Transparent City by Ondjaki
Windsor, Ontario. Biblioasis. 2018. 400 pages.
Despite Transparent City’s focus on a community slipping down a precipice and toward urban demise, Ondjaki’s prose pulses with life. In the hours before a cataclysmic fire and a historic eclipse, a politically estranged father scours the underbelly of Luanda, Angola, for his mortally wounded son. However, to cite this endeavor as the novel’s primary thread could prove problematic as Ondjaki bounds between perspectives with the fluidity of consciousness.
The trajectory of Ondjaki’s authorial eye could easily run the risk of minimizing the weight of figures, yet his emphasis on mundane interactions and their conversational subtleties ensures the novel’s gravity. Like the literary form of Wim Wenders’s film Wings of Desire, Ondjaki looks no further than these brief encounters to uncover life’s reverence. However, the novelist also instills a sense of fantasy through one of his protagonists, Odonato, a man whose body grows increasingly transparent as the comforts of an old life likewise disappear.
Transparent City can still feel a bit eclectic at times, but more so due to the text’s insistence on reflecting a whole city’s demeanor. Some moments, such as the numerous exchanges between a seashell seller and a blinded curmudgeon, shine with an unexpected clarity. Ondjaki does stretch himself thin in some sequences, as the author’s critique of journalism through a former BBC contributor grows close to unnecessary and tangential. The sheer amount of commentary and characterization of not only Luanda but also its inhabitants is otherwise naturalistic and accessible. Notably, Stephen Henighan’s translation never appears to soften Ondjaki’s voice, preserving tonal subtleties amid the English adaptation. Ondjaki instills a sense of urban congestion throughout his discourse without unnecessary convolution.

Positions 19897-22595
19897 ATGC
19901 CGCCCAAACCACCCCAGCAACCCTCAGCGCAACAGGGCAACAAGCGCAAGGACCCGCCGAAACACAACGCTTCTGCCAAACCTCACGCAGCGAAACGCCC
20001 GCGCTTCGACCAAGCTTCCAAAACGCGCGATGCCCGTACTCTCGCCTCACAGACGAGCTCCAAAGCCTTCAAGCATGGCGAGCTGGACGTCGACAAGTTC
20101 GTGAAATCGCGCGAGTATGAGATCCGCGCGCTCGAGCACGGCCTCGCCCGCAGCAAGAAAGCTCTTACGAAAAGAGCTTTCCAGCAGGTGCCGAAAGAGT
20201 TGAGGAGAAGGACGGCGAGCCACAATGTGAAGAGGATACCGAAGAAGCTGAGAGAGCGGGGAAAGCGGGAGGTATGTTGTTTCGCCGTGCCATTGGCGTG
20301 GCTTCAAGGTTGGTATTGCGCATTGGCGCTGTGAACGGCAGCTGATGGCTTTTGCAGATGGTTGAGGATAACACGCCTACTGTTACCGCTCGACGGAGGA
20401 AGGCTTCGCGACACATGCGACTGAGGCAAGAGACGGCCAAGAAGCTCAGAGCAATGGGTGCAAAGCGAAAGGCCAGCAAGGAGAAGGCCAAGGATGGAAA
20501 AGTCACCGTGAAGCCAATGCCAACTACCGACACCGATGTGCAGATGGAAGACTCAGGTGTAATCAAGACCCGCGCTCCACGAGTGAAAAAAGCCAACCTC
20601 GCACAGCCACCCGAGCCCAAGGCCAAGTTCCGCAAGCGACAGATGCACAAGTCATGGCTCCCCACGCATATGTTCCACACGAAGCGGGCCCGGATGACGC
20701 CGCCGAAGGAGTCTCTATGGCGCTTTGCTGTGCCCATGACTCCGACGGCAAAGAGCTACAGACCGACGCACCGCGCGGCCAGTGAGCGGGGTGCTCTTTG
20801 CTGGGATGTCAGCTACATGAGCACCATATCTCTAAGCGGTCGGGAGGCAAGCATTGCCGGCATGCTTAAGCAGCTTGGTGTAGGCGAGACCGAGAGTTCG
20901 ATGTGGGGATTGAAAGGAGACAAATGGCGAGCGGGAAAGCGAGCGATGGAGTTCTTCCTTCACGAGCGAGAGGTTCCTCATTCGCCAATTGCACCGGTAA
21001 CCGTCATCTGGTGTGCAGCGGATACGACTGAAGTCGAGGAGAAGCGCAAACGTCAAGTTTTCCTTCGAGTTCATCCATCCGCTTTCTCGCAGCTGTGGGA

Through his examination of economic collapse and personal desperation, Ondjaki’s wit rises. Transparent City never quite hits satirical notes as dire as a text like Mustafa Khalifa’s The Shell, but this also helps the commentary from feeling clinical or dogmatic. Ondjaki seems far more interested in observing his setting “as is” rather than prescribing a remedy.
Transparent City is at its strongest when it is momentary with its prose. The thankfully sparse moments in which the text examines a single character or group of characters for too long are when it likewise drifts from its exceptional experimentation. Regardless, Ondjaki successfully reconciles the utility of a consistent narrative thread while maintaining an utterly unique form of transmission. Contrary to his text’s namesake, Ondjaki’s latest offering is far from invisible.
Oklahoma City, Oklahoma